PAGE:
The collected images are composed into a single output image, taking into consideration empty space on the scanned page, which is sent to the printer as a print job, targeting the printer’s manual feed tray, usually used to print on items like envelopes.

Each input image fragment is stored as a memory in the database, this is done so that on subsequent scans, a comparison can be made between recognized fragments on the page, and recently stored memory fragments, using Scale Invariant Feature Transform in OpenCV. This way, any fragments that match up to recent memories are disregarded, so that the printer does not respond to the same images repeatedly when an exchange goes through multiple cycles. As mentioned in the concept section, these memories are also then used to respond to future messages.


Learning to Love my Brother

A large part of the technical work was spent not just developing the core logic, but also finding elaborate ways to work around the limitations of the specific device used in the installation.

The device being an over ten years old, no longer supported printer came with one main defect: After completing any print job, the next scan job would simply hang forever, with no way to recover. Most likely a processing issue with the printer’s mainboard, there was no way to fix this - however, it could be avoided by restarting the printer after it had completed a print job.

I spliced open the printer’s power cable, wired a relay into it, and connected it to an Arduino plugged into the computer in order to restart the printer from my code. However, an issue with the proprietary drivers provided for the printer made it impossible to tell when a print job had completed, the drivers are of the shoot-and-forget type, flagging a print job as completed once it had been sent to device, not actually once it had been printed. Since a job would only actually print once the human inserts the paper into the specific slot, using a simple timer was not an option, and there was no other way around this issue, so I wired up a photoresistor from the Arduino to the printers status LED light, to detect when it would stop blinking, which indicated that a print job had completed, so that I could then trigger the power cut to restart the printer so that it would not hang on the next scan job.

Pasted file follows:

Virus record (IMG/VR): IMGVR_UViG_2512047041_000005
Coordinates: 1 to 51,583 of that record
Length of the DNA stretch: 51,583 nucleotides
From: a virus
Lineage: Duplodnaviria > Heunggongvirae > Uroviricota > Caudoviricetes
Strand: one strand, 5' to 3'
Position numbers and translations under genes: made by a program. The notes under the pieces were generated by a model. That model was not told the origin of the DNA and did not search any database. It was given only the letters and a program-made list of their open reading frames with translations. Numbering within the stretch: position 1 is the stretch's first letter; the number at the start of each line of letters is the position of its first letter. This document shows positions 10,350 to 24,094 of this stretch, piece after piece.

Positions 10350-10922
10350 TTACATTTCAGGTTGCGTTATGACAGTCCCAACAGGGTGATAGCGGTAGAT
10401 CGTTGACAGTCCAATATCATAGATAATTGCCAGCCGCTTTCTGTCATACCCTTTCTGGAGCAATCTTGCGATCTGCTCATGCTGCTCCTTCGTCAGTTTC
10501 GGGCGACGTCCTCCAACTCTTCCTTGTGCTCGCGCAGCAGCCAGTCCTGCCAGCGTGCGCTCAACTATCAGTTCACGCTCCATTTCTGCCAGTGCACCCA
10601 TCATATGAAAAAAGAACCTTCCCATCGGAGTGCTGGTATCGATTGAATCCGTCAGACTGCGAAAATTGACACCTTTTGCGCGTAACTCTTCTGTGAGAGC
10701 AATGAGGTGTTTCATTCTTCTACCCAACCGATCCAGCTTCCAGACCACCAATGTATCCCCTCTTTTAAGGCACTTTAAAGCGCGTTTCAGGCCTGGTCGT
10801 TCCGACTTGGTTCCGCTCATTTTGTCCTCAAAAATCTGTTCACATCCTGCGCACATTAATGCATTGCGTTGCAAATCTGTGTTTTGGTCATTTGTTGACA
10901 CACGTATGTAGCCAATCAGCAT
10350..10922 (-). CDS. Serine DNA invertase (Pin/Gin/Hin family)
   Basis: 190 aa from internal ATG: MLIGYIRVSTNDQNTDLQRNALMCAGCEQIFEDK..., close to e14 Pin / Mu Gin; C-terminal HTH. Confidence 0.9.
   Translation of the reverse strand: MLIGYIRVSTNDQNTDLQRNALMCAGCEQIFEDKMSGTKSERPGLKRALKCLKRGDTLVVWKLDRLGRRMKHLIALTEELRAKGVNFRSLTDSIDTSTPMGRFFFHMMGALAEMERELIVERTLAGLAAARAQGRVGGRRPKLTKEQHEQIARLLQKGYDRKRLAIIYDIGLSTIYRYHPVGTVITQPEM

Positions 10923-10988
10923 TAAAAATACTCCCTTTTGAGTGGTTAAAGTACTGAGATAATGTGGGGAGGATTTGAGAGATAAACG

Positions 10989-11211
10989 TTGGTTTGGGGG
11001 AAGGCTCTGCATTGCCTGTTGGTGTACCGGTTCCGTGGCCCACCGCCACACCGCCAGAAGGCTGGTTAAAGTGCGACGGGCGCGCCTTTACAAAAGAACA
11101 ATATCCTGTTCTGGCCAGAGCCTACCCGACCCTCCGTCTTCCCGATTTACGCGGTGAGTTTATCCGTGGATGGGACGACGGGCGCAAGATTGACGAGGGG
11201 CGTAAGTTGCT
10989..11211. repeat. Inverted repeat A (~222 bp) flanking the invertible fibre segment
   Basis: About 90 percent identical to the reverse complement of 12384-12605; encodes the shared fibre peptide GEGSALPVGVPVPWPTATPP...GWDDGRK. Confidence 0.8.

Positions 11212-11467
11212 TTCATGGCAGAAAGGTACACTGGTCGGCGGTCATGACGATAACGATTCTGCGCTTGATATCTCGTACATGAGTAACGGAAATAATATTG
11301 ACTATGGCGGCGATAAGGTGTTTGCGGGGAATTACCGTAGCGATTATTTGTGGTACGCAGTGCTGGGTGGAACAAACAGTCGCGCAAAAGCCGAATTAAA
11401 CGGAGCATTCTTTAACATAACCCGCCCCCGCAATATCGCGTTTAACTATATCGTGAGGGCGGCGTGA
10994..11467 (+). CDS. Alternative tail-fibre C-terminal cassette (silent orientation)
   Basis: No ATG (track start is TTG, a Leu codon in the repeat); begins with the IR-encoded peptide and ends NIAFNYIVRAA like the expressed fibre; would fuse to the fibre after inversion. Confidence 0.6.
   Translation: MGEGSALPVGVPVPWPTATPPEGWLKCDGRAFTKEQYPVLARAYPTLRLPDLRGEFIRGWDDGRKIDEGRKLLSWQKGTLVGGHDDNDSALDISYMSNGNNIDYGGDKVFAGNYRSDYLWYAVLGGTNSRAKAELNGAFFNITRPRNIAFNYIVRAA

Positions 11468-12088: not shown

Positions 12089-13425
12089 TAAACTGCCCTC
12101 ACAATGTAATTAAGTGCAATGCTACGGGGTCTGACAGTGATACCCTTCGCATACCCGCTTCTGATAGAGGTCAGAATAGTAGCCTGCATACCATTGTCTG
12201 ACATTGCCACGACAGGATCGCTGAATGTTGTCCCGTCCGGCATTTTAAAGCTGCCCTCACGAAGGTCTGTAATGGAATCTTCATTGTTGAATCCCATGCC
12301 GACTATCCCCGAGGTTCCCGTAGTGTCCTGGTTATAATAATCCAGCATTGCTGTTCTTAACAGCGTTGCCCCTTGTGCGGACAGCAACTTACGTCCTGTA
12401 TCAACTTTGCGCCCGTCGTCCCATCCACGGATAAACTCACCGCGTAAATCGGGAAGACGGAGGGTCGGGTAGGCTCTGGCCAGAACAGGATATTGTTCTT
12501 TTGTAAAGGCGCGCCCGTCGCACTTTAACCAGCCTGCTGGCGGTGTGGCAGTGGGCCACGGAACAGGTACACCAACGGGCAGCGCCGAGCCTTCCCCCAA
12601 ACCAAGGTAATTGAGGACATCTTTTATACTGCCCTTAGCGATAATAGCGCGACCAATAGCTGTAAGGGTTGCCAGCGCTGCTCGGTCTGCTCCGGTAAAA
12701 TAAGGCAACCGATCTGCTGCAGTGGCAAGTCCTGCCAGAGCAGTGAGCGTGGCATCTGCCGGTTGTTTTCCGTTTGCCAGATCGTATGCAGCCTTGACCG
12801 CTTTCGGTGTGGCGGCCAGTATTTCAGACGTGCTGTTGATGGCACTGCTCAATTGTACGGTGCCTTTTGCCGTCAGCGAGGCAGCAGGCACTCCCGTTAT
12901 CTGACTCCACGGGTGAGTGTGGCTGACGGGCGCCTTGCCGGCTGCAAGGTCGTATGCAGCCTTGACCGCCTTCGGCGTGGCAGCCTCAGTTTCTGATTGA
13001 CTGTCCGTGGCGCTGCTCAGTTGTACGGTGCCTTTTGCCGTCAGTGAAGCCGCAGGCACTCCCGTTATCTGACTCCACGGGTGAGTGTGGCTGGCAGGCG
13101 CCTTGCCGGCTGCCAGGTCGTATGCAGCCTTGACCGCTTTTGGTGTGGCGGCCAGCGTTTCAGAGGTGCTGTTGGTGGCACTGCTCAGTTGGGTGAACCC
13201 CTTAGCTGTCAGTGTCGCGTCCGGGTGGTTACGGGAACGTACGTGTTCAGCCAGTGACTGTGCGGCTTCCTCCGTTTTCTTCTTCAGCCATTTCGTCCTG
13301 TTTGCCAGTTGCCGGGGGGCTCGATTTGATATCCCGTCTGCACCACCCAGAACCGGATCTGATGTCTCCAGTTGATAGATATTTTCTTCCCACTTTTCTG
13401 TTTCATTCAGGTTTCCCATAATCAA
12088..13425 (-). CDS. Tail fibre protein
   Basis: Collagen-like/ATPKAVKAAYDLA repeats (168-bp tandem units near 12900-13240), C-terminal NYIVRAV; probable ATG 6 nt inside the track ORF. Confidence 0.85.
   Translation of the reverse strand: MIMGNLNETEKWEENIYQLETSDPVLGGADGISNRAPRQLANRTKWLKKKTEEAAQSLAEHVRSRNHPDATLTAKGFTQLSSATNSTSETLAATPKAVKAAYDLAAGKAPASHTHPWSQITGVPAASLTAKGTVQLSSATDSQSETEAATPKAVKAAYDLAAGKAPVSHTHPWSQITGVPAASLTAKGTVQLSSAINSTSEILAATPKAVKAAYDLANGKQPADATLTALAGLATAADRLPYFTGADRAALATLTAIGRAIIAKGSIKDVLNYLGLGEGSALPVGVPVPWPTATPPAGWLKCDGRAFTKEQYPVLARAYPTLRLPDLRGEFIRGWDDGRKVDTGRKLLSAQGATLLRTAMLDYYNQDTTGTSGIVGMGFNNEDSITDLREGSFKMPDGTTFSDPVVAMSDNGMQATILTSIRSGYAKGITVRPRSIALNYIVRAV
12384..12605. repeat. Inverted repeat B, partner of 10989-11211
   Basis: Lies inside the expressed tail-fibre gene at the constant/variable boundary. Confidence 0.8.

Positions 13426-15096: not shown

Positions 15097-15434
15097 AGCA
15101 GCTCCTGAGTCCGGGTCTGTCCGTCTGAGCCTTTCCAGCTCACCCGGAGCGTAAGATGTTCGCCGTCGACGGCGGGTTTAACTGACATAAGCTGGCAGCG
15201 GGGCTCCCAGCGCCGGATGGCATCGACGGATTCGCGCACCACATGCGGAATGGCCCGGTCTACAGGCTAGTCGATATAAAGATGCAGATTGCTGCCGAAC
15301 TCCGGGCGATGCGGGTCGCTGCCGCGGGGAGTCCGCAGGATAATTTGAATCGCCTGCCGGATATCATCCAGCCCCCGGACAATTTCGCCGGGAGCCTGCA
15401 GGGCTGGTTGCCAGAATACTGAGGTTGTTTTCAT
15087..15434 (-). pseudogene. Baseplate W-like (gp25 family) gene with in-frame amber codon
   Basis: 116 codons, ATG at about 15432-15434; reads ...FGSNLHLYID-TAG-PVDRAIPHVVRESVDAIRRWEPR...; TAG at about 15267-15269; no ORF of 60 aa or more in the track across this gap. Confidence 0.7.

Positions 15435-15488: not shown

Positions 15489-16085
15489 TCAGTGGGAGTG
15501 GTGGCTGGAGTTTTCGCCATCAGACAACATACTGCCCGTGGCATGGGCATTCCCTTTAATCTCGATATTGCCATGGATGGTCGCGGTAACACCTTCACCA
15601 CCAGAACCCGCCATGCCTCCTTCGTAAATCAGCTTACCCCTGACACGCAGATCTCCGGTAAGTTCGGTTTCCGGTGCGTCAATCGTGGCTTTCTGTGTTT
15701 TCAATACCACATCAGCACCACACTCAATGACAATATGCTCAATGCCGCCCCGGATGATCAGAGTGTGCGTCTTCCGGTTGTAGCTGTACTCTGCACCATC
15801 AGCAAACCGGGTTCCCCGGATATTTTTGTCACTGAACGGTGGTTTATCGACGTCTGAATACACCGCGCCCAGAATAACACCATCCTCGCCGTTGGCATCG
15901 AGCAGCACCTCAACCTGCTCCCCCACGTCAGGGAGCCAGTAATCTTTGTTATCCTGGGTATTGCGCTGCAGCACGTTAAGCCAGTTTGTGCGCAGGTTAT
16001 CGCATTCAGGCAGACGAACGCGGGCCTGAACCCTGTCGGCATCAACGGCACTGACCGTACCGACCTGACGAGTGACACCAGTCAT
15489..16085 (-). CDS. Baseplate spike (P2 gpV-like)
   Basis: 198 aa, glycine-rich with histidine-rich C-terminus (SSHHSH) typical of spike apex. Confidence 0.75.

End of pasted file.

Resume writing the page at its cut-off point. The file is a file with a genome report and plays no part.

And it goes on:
These absurd lengths I went through to get the device I had working, something that could have been entirely avoided by just buying a modern printer, are an essential part of the work for me, which centers so much around the printer adopting a personality and connecting with humans around it on a deeper level.

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Self evaluation

Over the course of the degree show, over 500 messages from visitors were scanned, and double the amount of memory fragments were stored by the device. Many visitors took their responses home with them, but the ones left in the space were stapled to the walls for other visitors to see.

Overall judging from the feedback I received and from watching people interact with the installation I am very happy with how this project turned out.

I had many more ideas of additional methods I could add to generate more varied responses, but the currently implemented ones already generate a wide variety of surprising and sometimes fitting response images, and I find the whole setup to work quite well as it is.



Kane, Carolyn L. “The Tragedy of Radical Subjectivity: From Radical Software to Proprietary Subjects.”

Leonardo, vol. 47 no. 5, 2014, p. 481.

N.K. Hayles, “Cybernetics,” in Critical Terms in Media Studies, ed. W.J.T. Mitchell and Mark B.N. Hansen.

University of Chicago Press, 2010, pp. 147-149.

Hayles, N. Katherine. How We Became Posthuman: Virtual Bodies in Cybernetics, Literature, and Informatics.

University of Chicago Press, 2010, p. 8.

Steyerl, Hito “In Defense of the Poor Image“

E-Flux Journal, Issue #10, 2009